"One of the sites involved is expanding the study to include men with prostate cancer, since early data suggests that men could also benefit in much the same way to an exercise regimen," Grimm says. "If you don't sleep well, the world can look pretty bleak; one of the biggest advantages of an exercise regimen may be in promoting good sleep and thus, a better mental outlook. Exercise seems to give patients a sense of control. They feel like, 'I'm doing this for myself and it helps.' There is both a physiological and a psychological aspect to treating cancer."
Grimm's clinical work with bone marrow transplant patients in the Oncology Center has led her to a new area of interest, one that reflects the dramatic changes under way in cancer treatment and health care in general. Lymphoma and leukemia patients undergoing high doses of chemotherapy and bone marrow transplants, for instance, used to spend weeks in the hospital, much of it in isolation. Today, with improved techniques and new drugs, the typical hospital stay has been dramatically reduced-- and, in the case of a prototype program at Hopkins where bone marrow transplants are done on an outpatient basis--sometimes eliminated entirely.
"Studies have shown that outpatients can do quite well without being in a critical care bed, and for the most part, the patients prefer it," Grimm says. "But if acutely ill patients are being cared for outside the hospital, are we in effect transferring some kind of burden to their caregivers, the family members or friends who will care for the patients?"
Grimm and her colleagues are conducting a longitudinal study, examining patient care and treatment at the time of diagnosis, with six- and 12-month follow-ups. "We are trying to evaluate this change in care, not only examining patient factors such as toxicity, acuity and so forth, but also looking at quality-of-life and caregiver issues. Are we transferring an undue burden to the caregivers? What is their emotional status? What is the cost for families in this new care-giving configuration?"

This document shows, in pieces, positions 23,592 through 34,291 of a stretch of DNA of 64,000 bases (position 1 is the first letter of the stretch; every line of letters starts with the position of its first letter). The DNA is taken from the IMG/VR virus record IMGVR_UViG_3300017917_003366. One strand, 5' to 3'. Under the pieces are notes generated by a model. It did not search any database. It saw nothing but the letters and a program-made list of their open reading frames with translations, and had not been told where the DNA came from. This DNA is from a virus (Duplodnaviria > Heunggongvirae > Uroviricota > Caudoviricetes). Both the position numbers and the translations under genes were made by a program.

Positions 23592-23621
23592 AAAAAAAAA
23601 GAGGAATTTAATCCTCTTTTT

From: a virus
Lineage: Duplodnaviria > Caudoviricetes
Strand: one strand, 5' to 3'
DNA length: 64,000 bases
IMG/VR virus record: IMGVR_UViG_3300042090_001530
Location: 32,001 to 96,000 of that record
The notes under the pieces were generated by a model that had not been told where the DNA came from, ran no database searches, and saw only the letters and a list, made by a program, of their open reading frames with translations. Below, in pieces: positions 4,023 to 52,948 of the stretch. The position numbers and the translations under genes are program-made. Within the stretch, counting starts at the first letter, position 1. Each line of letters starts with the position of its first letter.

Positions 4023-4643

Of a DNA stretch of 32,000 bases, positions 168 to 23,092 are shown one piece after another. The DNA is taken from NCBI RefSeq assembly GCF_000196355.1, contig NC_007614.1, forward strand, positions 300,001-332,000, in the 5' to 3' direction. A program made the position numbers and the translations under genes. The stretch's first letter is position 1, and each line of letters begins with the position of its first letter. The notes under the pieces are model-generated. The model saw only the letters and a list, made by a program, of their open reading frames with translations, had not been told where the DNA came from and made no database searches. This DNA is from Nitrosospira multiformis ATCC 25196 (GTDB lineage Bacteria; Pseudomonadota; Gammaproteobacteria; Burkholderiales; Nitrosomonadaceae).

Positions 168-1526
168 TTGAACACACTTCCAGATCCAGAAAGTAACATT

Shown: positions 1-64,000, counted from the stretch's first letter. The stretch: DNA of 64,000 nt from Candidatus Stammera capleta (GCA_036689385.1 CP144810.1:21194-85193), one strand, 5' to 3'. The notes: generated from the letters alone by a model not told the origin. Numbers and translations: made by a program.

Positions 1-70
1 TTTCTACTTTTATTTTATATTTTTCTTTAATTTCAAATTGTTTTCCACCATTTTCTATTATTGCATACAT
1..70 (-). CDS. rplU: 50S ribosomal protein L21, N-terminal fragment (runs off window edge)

Ultimately, she says, many quality-of-life issues for cancer patients come down to a matter of hope, a hard-to-define concept that nonetheless seems to have a profound influence on patient outcomes. "We know that cancer patients who have a support system of family and friends who are there for them tend to do better. We know that people who have experienced other challenges--who have had some bumps before in the road of life--tend to do better. Pre-existing problems with anxiety or depression tend to get worse, while people with good internal and external resources tend to do much better. I believe that hope--which I define as a sense of the future--plays a significant role in patient outcomes."
All of which reflects the increasing acceptance among cancer researchers and clinicians of the idea that destroying tumors, while important, cannot be the only focus of the war on cancer. Patients who survive--and those who die from the disease--wish to do so with as little pain and as much dignity as possible. That is what motivates people like Pat Grimm.
"In this time of paring-down of hospital stays and increased complexity of health care, I hope the psycho-social needs of patients and caregivers alike are not forgotten," she says. "We're making tremendous strides in our ability to diagnose and treat cancer. We just need to make sure our ability to continue to offer compassion follows."
Go back to Previous Page